Although autism is among the most highly heritable of mental disorders, its pathogenesis is poorly understood and may include environmental co-factors. Furthermore, there are no biomarkers with which to screen for disease or identify those at risk for disease. The Autism Birth Cohort (ABC) is nested within the MoBa, a Norwegian prospective, unselected, population-based pregnancy cohort (N >107,000). ASD cases are prospectively ascertained through screening of the entire MoBa population with questionnaires at 36m, 5y, 7y, and 8y, and via referrals and a national patient registry. All diagnoses are validated, and biologic samples are collected serially through pregnancy and early childhood. Implementation of early screening and diagnostic assessments provides a rich view of longitudinal trajectory and nascent signs and symptoms, and creates new opportunities to define their pathogenesis. Biologic and clinical phenotypes of ASD determined here will enable current and future generations of investigators to pursue powerful genotypic and environmental factor association analyses. Although other prospective birth cohorts track selected high risk populations, at present, the ABC is the only large cohort wherein information and samples are collected from all children and both of their parents prior to, and independent of, diagnosis and severity of disease. Biologic samples are optimized for genetic, transcriptomic, proteomic, microbiologic and toxicologic analyses. Linkage to nationwide health registries enables extensive longitudinal follow-up of the cohort at low cost.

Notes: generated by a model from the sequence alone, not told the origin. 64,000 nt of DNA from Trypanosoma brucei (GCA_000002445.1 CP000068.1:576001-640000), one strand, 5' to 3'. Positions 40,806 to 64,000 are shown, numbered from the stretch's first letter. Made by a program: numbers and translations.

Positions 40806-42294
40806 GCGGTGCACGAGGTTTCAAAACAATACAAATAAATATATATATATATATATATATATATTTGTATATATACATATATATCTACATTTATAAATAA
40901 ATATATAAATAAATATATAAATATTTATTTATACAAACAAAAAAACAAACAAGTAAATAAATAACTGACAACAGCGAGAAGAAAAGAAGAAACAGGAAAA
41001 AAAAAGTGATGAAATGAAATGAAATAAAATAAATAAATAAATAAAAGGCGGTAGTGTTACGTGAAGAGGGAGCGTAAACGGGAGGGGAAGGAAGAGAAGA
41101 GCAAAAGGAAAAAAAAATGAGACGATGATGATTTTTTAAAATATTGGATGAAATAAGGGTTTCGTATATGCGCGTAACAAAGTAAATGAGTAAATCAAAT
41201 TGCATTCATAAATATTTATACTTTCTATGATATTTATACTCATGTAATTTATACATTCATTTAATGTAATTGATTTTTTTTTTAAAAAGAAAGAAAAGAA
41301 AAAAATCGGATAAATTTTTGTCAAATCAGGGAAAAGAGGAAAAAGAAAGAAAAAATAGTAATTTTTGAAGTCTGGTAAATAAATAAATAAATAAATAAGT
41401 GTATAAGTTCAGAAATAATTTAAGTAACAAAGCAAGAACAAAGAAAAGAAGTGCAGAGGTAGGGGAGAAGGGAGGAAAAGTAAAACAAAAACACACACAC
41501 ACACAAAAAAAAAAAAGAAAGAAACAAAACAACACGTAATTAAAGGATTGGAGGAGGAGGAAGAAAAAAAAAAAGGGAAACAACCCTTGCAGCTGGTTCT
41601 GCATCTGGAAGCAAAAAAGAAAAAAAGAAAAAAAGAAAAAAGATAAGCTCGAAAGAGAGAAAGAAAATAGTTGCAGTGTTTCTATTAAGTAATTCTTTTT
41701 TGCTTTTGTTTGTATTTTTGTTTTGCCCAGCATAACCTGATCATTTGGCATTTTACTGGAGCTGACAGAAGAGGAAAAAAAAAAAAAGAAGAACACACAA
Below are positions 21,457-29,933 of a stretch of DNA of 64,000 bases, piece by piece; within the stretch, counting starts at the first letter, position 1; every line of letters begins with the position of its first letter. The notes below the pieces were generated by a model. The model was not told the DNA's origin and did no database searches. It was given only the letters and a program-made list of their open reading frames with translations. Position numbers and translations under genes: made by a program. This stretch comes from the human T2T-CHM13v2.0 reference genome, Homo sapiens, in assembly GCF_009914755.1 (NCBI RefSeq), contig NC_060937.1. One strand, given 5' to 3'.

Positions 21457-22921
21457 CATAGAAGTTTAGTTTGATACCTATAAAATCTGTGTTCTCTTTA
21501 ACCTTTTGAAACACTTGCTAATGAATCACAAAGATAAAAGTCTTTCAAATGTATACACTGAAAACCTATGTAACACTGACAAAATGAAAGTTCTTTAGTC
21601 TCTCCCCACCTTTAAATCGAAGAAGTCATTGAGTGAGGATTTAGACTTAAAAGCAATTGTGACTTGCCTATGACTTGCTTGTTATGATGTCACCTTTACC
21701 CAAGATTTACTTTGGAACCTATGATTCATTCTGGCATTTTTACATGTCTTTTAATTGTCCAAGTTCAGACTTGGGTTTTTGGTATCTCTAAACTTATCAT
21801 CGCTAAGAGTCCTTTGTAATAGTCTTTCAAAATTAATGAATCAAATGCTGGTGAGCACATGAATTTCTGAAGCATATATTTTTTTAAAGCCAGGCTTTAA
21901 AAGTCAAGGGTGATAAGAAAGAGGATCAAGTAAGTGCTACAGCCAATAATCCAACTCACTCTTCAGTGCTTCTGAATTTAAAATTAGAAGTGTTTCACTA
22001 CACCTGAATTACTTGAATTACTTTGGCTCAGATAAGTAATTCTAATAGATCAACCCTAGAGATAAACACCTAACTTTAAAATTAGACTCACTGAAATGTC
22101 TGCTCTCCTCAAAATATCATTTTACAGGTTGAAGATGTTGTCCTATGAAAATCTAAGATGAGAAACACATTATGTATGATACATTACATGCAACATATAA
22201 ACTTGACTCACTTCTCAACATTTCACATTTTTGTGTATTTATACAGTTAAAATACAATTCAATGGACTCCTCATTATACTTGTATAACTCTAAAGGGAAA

Aims i nclude: (1) Complete, enlarge, and characterize the ABC through continued ascertainment, diagnosis, and assessment of cases of ASD (N=550-750) and age-matched controls (N=550-750);(2) Investigate: a) potential causes of, and b) early markers for ASD, including targeted examination of pre- and perinatal candidate exposures (parental age;nutrition and xenobiotics;ultrasound and assisted reproductive technologies;infection and host immunity;immunizations and other iatrogenic factors;oxidative stress responses) and heritable susceptibilities, and prospective mining of the maternal and cord blood transcriptome and proteome for ASD biomarkers;(3) Investigate trajectories of ASD and associated features (diagnostic stability, symptoms/neuroregulatory features, head circumference/somatic growth, and biological indices). Our hypothesis is that systematic, prospective, serial analyses of ABC subjects that begin in prenatal life will reveal insights into early signs and symptoms, diagnostic stability and pathogenesis that would not be otherwise obtained.

Public Health Relevance

The reported prevalence of ASD has increased 5-1 Ox over the past 20y. Whether these disorders are truly more frequent now is controversial;nonetheless, the burden is profound in human and economic terms. Our project will exploit a large, prospective birth cohort with unique data, biologic samples and laboratory platforms to discover clues to pathogenesis, and biomarkers that will drive research and clinical management in new directions.

National Institute of Health (NIH)
National Institute of Neurological Disorders and Stroke (NINDS)
Research Project--Cooperative Agreements (U01)
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Special Emphasis Panel (ZNS1-SRB-G (46))
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Moy, Claudia S
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Columbia University (N.Y.)
Public Health & Prev Medicine
Schools of Public Health
New York
United States
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